Hunters in Norway have been sentenced to jail, putting the Scandinavian wolf issue in the spotlight.
Five men in Norway have been sentenced after being convicted of planning to hunt wolves through trapping. The men were accused after a police operation tapped their phones and became suspect of their plans. All methods of wolf hunting in Norway are illegal. This conviction for wolf hunting marks the first the country has ever seen.
At least one man, who claims he mistakenly shot a wolf on a fox hunt, will appeal the conviction. The prison sentences for the five men vary from six months to 20 months.
Sheep farming takes up a large percentage of the land in Norway and many support wolf hunting or culling as a means of safeguarding their sheep and sheepdogs.
Wolf population estimates in Norway vary between sources but many believe there could be less than 30 still in the country, making it the home of Europe’s smallest wolf population. According to a study by environmental monitoring group Rovdata, last winter around 36 wolves lived in Norway with an additional 39 crossing over from Sweden. The packs live in the country’s dense eastern pine forest near the Swedish border.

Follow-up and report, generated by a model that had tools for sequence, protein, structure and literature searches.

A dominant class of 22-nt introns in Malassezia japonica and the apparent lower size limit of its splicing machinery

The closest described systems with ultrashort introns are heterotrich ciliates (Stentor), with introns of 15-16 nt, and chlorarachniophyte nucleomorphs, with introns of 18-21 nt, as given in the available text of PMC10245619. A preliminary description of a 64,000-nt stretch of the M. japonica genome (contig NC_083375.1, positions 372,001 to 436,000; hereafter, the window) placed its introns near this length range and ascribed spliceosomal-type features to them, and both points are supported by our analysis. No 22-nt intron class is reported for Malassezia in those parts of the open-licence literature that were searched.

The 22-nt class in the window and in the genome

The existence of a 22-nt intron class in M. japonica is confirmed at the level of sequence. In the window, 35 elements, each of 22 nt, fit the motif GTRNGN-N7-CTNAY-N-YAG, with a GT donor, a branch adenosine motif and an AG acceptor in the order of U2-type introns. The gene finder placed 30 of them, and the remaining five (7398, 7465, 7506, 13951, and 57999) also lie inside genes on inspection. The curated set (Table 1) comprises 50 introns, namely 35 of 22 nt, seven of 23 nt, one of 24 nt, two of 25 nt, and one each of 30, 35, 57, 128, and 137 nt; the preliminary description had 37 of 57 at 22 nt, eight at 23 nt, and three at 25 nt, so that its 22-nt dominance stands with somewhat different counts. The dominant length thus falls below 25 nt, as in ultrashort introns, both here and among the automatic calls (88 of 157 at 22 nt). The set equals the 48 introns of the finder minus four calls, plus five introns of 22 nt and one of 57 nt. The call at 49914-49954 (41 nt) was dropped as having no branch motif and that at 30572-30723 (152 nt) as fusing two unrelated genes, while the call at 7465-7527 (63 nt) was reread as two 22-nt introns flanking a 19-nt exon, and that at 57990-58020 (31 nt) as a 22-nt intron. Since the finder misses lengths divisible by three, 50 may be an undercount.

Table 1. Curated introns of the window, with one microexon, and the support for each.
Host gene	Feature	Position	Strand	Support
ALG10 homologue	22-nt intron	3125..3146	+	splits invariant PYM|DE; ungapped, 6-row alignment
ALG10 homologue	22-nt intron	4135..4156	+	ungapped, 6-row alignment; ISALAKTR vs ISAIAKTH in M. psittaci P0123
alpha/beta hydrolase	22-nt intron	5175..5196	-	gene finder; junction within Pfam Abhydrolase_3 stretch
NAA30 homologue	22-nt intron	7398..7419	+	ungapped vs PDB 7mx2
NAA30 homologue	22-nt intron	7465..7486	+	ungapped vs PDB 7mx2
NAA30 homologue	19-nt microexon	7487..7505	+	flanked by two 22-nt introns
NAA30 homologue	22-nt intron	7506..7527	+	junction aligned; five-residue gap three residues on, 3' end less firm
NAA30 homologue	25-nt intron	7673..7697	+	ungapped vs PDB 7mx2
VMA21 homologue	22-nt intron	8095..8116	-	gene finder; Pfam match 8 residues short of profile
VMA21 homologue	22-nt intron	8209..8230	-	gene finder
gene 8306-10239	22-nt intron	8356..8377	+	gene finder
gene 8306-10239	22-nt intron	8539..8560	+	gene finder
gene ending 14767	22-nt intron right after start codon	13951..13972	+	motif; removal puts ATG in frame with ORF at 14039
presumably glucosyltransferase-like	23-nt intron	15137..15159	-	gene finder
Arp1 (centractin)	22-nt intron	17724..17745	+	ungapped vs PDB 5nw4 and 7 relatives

Up until the 1970s, Norway essentially had an open season on wolves — perceiving them as a threat to livestock and towns. In the 1990s, an effort was made to restore some measure of the country’s wolf population by introducing a few dozen wolves in partnership with Sweden.
Wolf populations across the rest of Europe show stable or rising trends. A Journal Science study last year put population estimates around 12,000 wolves throughout 28 European countries with numbers rising each year.